What is Wi-Fi? From Wikipedia, the free encyclopedia.
Wi-Fi (or Wi-fi, WiFi, Wifi, wifi), short for "Wireless Fidelity", is a set of standards for wireless
local area networks (WLAN) currently based on the IEEE 802.11 specifications. New standards
beyond the 802.11 specifications, such as 802.16 are currently in the works, they offer many
enhancements, anywhere from longer range to greater transfer speeds.
Wi-Fi was intended to be used for wireless devices and LANs, but is now often used for Internet
access. It enables a person with a wireless-enabled computer or personal digital assistant to
connect to the Internet when in proximity of an access point called a hotspot.
Wi-Fi vs. cellular
Some argue that Wi-Fi and related consumer technologies hold the key to replacing cellular
telephone networks such as GSM. Some obstacles to this happening in the near future are
missing roaming and authentication features (see 802.1x, SIM cards and RADIUS), the
narrowness of the available spectrum and the limited range of Wi-Fi. Despite such problems,
companies like Zyxel, SocketIP and Symbol Technologies are offering telephony platforms
(Central Office replacements and terminals (phones)) that use Wi-Fi transport.
Many operators are now selling mobile internet products that link cellular wireless and Wi-Fi radio
system in a more or less transparent way to take advantage of the benefits of both systems.
Future wireless systems are expected to routinely switch between a variety of radio systems.
The term 4G is occasionally used for Wi-Fi, the implication being that the bandwidth and
capabilities offered are already greater than those promised by the 3G cellular telephone
The main difference between cellular and Wi-Fi is that cellular system use licensed spectrum, and
Wi-Fi is implemented in unlicensed bands. The economic basis for their implementation is
therefore completely different. The success of Wi-Fi has made many people look to unlicensed
spectrum as the future of wireless access, rather than spectrum licensed and controlled by large
Commercial Wi-Fi services are available in places such as Internet cafes, coffee houses and
airports around the world (commonly called Wi-Fi-cafés), although coverage is patchy in
comparison with cellular:
T-Mobile provides hotspots in many Starbucks in the U.S;
Pacific Century Cyber Works provides hotspots in Pacific Coffee shops in Hong Kong;
a Columbia Rural Electric Association subsidiary offers 2.4 GHz Wi-Fi service across a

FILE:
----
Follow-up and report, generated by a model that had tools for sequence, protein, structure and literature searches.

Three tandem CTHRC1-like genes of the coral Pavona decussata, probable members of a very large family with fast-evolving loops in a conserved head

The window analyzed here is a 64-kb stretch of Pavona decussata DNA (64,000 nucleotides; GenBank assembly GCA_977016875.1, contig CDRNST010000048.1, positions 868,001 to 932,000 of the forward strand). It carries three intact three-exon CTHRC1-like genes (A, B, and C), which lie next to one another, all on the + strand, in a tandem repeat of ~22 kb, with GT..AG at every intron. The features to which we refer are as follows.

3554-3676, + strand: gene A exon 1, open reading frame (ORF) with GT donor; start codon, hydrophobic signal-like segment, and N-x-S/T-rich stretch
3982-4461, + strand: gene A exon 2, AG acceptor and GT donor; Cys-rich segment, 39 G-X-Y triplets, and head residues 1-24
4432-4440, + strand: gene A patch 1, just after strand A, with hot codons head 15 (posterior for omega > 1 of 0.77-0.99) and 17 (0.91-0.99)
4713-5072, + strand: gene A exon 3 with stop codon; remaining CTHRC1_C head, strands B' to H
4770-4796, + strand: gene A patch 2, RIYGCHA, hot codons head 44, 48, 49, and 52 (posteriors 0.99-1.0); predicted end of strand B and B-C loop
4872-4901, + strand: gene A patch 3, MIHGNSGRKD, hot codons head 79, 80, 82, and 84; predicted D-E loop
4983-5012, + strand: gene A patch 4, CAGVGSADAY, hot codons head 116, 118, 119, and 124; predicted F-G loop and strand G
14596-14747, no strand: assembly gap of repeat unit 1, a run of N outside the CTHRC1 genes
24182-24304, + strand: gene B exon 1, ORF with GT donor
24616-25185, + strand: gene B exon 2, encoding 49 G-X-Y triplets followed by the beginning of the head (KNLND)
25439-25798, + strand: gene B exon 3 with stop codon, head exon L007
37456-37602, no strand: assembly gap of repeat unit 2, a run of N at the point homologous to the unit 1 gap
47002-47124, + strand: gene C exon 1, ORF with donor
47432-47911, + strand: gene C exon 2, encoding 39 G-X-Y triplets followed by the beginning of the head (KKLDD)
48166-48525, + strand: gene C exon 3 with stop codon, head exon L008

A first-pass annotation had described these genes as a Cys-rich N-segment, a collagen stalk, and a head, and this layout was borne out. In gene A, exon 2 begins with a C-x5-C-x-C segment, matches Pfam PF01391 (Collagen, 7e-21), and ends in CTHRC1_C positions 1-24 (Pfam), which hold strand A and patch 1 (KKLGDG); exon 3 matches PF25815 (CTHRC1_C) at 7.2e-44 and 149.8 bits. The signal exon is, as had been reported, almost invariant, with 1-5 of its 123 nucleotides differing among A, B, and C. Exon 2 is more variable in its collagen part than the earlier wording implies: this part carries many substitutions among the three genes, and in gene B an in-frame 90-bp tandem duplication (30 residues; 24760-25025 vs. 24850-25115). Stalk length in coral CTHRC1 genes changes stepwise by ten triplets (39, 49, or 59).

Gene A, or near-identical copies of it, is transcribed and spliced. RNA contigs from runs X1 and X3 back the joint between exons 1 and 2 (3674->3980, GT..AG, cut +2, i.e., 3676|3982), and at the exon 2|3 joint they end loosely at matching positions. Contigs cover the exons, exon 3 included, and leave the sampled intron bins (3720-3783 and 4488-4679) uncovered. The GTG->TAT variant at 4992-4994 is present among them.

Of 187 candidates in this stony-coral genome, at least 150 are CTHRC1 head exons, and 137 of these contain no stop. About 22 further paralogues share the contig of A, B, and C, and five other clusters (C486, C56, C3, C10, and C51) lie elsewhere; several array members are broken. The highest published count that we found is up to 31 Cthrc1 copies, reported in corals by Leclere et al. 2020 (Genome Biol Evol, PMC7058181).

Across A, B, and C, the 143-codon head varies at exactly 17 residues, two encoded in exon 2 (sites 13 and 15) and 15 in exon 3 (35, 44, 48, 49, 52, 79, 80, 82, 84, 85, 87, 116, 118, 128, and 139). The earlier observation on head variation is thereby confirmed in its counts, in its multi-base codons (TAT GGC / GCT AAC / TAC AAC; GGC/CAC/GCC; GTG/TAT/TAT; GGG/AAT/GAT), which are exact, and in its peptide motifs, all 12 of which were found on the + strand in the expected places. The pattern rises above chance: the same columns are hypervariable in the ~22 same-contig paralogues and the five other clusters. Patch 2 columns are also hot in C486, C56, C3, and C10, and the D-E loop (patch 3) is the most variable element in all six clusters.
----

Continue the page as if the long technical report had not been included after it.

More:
3,700 mi² (9,500 km²) region within Walla Walla and Columbia counties in Washington
and Umatilla County, Oregon;
Other large hotspot providers in the U.S. include Boingo, Wayport and iPass;
Sify, an Indian internet service provider, has set up 120 wireless access points in
Bangalore, India in hotels, malls and government offices.
Vex (http://www.pointernetworks.com.br) offers a big network of hotspots spread over
Brazil. Telefónica Speedy WiFi (http://www.speedywifi.com.br) has started its services in
a new and growing network distributed over the state of São Paulo.
While commercial services attempt to move existing business models to Wi-Fi many groups and
communities have set up free use Wi-Fi networks. Many have adopted a common Peering
agreement (http://www.freenetworks.org/peering.html) in order that each network can openly
share with each other.
Many municipalities have joined with the local community groups to help grow the free Wi-Fi
network, many have not. Some community groups have built their Wi-Fi networks on volunteer
efforts and donations.
For more information, see wireless community network, where there is also a list of the free Wi-fi
networks one can find around the globe.
OLSR is one of the protocol used to set up free networks. Some networks use static routing;
other, such as Wireless Leiden rely completely on OSPF. Most networks rely heavily on open
source software; or even publish their setup under an open source license.
Advantages of Wi-Fi
Unlike packet radio systems, Wi-Fi uses unlicensed radio spectrum and does not require
regulatory approval for individual deployers.
Allows LANs to be deployed without cabling, potentially reducing the costs of network
deployment and expansion. Spaces where cables cannot be run, such as outdoor areas
and historical buildings, can host wireless LANs.
Wi-Fi products are widely available in the market. Different brands of access points and
client network interfaces are interoperable at a basic level of service.
Competition amongst vendors has lowered prices considerably since their inception.
Many Wi-Fi networks support roaming, in which a mobile client station such as a laptop
computer can move from one access point to another as the user moves around a
building or area.
Many access points and network interfaces support various degrees of encryption to